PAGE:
Downstairs, Grandmother was singing, “At His feet the six-winged seraph, cherubim, with sleepless eye…”
When the python finally opened its jaws, pinpricks of blood pooled and dripped. Tori deposited the python back into her container and rushed to the bathroom. Opening up the medicine cabinet, she found a small pharmacy’s worth of ointments and bottles. Every part of her shook. Blood ran in little forking rivers down her arm and began to congeal. She dumped a third of a bottle of rubbing alcohol on her hand. The bite stung louder. She bit the side of her mouth to keep from gasping.
Grandmother’s singing seeped through the walls as she worked: “Let all mortal flesh keep silence and with fear and trembling stand…” Tori’s eyes watered over into tears. She scrubbed off the blood and said nothing to anyone.
The Larson woman had to be rolled out for a wake soon. When Tori showered, she took the mice with her, scrubbing at them with shampoo until they were white and you couldn’t tell they came out of her. Something had to be done with the mice. Uncle Greg needed her to help, the Larson woman’s family needed her to help.
The calendar in the front hall said today was the day to feed the boa constrictors.
Instead of feeding the snakes from the supply of frozen mice stacked in Grandmother’s freezer, it occurred to her that she could simply use the three warm ones in her arms. What other purpose did they serve? The mice would need to be killed before being fed to the snakes; a rodent with a strong sense of self-preservation could desperately scratch at the snake’s face and eyes, creating an infection.
She walked to the spare bedroom and pulled the pillowcase from her pillow. She tossed the mice, tumbling, inside. The pillowcase could be bashed against the cellar wall, one quick, solid crack—painless!—and then she could deposit dinner in the snakes’ containers. She knew, though, that no matter what she did, Grandmother would be furious with her for trespassing in the cellar.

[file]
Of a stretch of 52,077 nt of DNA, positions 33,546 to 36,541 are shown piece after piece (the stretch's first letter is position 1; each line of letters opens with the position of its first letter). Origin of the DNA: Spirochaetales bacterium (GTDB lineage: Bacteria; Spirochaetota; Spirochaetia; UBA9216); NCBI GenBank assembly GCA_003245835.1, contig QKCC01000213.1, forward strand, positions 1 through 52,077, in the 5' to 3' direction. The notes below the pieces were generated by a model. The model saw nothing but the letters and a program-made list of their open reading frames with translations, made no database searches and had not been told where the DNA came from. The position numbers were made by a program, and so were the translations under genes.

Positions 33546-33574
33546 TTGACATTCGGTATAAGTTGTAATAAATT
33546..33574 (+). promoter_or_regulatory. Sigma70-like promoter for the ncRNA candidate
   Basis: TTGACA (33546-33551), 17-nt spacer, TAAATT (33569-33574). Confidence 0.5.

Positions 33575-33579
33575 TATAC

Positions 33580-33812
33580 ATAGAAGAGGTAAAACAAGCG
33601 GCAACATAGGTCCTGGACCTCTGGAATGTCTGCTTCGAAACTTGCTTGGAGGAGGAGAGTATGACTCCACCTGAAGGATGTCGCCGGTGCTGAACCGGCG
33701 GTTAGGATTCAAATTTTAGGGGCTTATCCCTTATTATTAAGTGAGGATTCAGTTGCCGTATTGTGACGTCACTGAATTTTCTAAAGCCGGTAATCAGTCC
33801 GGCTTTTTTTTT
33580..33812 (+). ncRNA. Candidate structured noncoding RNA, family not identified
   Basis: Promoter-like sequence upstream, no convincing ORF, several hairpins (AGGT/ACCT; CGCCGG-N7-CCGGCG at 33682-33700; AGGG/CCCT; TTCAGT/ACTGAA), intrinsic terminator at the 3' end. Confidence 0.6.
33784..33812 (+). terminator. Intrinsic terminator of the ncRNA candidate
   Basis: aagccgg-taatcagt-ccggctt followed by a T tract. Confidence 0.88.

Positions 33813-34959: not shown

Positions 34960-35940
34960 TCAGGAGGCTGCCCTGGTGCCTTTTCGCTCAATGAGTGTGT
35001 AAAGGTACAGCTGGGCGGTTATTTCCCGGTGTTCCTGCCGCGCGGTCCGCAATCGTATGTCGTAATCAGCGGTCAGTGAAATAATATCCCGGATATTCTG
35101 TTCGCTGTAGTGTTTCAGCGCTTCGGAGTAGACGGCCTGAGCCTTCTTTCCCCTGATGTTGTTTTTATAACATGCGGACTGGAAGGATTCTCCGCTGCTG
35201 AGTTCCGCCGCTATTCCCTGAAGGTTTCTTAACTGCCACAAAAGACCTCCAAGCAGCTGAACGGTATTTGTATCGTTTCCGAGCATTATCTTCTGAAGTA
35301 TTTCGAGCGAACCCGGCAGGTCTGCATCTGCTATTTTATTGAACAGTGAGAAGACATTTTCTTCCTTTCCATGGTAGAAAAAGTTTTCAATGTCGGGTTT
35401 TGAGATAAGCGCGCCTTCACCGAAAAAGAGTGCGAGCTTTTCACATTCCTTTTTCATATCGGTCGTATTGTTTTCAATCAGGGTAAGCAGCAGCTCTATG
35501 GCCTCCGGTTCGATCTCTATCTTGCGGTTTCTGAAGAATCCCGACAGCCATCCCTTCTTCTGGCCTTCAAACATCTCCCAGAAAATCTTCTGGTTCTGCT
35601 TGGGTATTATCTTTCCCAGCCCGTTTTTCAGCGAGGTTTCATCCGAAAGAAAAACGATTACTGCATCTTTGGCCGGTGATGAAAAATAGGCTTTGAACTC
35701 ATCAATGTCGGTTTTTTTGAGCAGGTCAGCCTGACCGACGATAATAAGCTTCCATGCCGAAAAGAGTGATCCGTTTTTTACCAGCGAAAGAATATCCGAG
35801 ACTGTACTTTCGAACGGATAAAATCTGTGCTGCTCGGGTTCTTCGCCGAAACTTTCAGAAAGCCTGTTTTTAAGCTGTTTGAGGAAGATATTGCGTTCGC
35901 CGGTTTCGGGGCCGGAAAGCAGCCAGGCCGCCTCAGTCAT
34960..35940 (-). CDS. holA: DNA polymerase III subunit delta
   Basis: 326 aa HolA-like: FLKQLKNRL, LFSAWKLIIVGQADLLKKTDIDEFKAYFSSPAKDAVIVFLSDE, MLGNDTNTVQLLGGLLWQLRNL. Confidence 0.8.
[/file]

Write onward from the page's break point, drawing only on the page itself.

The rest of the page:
Then, for the first time, it occurred to Tori that Grandmother could die. Tori had seen death, of course, but Grandmother always seemed more stone than human. She could recover, perhaps, after months of rehabilitation and physical therapy, or she could die in the hospital, her appetite gone, her will sapped, fading silently. Tori’s uncles and father would sell the home, erasing the Lizard House. They had no use or patience for it. They would strip it of its life and repaint the walls and empty the cellar. They would have Tori help, too, putting the reptiles on Craigslist, gutting the house of itself. If she fed the mice to the boa constrictors, she could give Grandmother her a gift, a sacrifice, a tribute.
The feeder mice squirmed and scratched the pillowcase. The albino boa constrictor shifted in her terrarium, her yellow stripes kaleidoscoping together as she coiled herself. The pillowcase swung gently in her hand.
She did not want to kill the mice.
Tori could keep them. They could breed and multiply, and she could have a house of mice, towers of glass tanks teeming with squeaking, white feeder mice. She could have a granddaughter one day who would give birth to mouse feed. Grains could fall from her granddaughter’s opened cervix like it was a tap, cascading down so the mice could feast.
Tori could let them go. Not inside the house, of course, but in the backyard, where they could have a life, a life cut short by rat poison or a car or the jaws of a Jack Russell, but a life nonetheless.
The albino boa tapped her nose against the glass. Tori pulled the mice out of the pillowcase and held them to her chest again. She would let them go. For the first time, they would feel the warmth of the true sun. They would take lurching, unbalanced steps on their hind legs, pointing their noses skyward, their whiskers delicate as brushstrokes. They would run under the cover of the tiger lillies, build their nests, find food. They would get rained on. They would separate and find each other again, pressing their little tongues to each other’s faces. And when they died, the bones of the feeder mice would sink into earthen coffins, and all would be dark.